Half a cheer for freedom,
By HENRY GALLAGHER FIELDS
The American Conservative was the new journal of the Right that would reject the PC thinking that had so infected mainstream conservatism or so we thought. With "lock and load" Pat Buchanan on board, such surrender would be unthinkable or so we thought. But now we have to think again.
Taki Theodoracopulos, the moneybags behind TAC, is currently being "investigated" by Scotland Yard's "Diversity Division" and threatened with jail, for having the audacity to write that black Jamaicans run British drug gangs. (In today's Cool Britain, truth is no defense, and, needless to say, freedom of expression is uncool.) So how did the intrepid paleocon journal come to the defense of its major benefactor?
In the February 24 issue, TAC's editorial ("Free Taki," p. 6) starts off on high ground "The freedom of political speech is one of the bedrock institutions of the West, one of the irreducible elements of a free society" but then goes sniveling straight toward Political Correctness. The trouble is, supporting freedom of all types of political speech could imply that people should be allowed to say things that they are not supposed to say. "We have not paid close attention to the proliferation of laws against certain kinds of speech in Europe," the editorial cringingly stipulates. "Perhaps laws prohibiting Holocaust denial constitute a special case."
Yes, we certainly can't have people questioning the death toll at Auschwitz; trying to figure out how all the physical evidence simply vanished; wondering how a mass extermination left a million survivors still living more than 50 years after said extermination took place. No, we certainly can't allow such heinous thoughts to see the light of day. We must refute them in the progressive humanitarian manner, which is to say with handcuffs and iron bars, putting those who express such views in jail for five years, as the progressive humanitarian courts do in Germany. (Also jailworthy, of course, are those reactionaries who question why Auschwitz death-toll questioners are jailed but not Flat Earthers and people who question the historical existence of Jesus.)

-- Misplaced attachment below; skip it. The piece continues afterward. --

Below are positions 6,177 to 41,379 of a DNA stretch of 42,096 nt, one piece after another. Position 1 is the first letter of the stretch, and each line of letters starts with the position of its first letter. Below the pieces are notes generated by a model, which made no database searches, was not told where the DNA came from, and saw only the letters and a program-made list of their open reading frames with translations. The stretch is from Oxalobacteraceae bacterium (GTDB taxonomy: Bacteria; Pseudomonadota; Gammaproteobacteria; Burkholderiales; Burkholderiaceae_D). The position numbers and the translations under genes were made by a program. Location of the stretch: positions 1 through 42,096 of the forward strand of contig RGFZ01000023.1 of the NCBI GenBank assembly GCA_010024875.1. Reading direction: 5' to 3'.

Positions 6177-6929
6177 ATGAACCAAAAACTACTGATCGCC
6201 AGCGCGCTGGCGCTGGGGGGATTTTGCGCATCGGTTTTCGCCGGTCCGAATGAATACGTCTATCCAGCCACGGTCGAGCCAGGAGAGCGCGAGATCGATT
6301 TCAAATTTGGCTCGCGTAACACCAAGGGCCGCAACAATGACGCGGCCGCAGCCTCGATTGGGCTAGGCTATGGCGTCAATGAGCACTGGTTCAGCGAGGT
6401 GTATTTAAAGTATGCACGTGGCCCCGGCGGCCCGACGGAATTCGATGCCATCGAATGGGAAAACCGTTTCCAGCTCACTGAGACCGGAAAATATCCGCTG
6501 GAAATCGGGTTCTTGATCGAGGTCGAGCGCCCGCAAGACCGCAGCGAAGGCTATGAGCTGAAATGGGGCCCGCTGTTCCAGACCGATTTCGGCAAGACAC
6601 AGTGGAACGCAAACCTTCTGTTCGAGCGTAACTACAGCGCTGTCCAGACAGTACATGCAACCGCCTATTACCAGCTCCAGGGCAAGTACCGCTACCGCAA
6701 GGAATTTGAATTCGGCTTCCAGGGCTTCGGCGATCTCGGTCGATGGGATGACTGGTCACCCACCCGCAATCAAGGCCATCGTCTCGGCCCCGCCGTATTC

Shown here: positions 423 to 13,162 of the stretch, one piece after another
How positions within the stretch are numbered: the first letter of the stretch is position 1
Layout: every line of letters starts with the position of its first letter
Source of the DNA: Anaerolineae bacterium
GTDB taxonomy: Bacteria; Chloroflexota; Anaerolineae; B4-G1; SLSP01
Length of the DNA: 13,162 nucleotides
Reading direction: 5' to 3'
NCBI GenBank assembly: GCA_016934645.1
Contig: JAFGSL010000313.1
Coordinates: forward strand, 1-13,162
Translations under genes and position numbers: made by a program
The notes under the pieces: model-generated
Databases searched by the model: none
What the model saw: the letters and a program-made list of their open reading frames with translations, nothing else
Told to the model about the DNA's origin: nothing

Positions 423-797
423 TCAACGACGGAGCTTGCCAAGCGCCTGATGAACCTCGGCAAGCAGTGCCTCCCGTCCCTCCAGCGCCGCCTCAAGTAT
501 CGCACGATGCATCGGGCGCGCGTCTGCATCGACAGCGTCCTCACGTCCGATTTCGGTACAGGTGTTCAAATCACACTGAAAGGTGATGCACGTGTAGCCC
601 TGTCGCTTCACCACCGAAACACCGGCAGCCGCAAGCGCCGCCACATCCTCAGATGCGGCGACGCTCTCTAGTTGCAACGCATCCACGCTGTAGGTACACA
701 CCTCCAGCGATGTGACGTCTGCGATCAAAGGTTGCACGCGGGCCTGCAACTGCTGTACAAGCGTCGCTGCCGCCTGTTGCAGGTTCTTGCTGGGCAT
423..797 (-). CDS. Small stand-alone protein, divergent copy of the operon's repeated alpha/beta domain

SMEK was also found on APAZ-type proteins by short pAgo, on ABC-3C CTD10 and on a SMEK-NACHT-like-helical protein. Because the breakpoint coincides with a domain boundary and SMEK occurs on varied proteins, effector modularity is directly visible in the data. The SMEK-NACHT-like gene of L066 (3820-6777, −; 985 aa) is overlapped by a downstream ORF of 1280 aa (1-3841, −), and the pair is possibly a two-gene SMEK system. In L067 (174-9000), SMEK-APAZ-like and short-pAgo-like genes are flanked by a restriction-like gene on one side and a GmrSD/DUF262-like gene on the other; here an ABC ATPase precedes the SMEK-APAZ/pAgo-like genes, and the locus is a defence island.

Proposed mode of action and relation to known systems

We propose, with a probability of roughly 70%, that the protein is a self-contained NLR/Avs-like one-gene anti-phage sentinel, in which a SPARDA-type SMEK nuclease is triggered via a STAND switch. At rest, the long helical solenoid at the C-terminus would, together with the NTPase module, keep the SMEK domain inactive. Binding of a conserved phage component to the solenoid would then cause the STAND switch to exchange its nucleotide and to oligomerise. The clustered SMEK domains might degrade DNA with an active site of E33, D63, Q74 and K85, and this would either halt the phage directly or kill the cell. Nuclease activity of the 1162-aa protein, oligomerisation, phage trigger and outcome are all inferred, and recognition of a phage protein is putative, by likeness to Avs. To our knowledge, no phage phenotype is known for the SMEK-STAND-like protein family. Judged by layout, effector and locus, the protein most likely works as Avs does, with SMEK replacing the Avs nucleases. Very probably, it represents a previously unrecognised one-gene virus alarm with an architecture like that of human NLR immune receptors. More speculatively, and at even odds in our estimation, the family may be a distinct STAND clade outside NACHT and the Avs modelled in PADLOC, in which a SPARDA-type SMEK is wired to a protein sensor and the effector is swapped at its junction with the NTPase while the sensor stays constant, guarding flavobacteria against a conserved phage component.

In light of TAC's present policy, it is interesting to recall that, in a March 1990 column, The Pat himself courageously defended the innocent John Demyanyuk, questioning along the way whether the carbon monoxide from the alleged diesel tank engine at Treblinka could actually have killed hundreds of thousands of Jews, as the official story had it (before some later modifications). But we know that the mainstream keeps moving toward more and better progressivism even, so it seems, the paleocon mainstream so TAC had better do its darnedest to keep Pat's article down in the memory hole. (Unfortunately, in our Age of the Net, you can easily find mention of it on the Web.)
What about racial IQ differences? By mentioning only one "special case," is The American Conservative implying that it is perfectly all right to allow people to express the view that blacks tend to be less adept at mathematics than Chinese? Heck, maybe even less adept than white folk? All progressive humanitarians will want to know why that caveat wasn't included. We can only hope that the omission will be rectified in the next issue.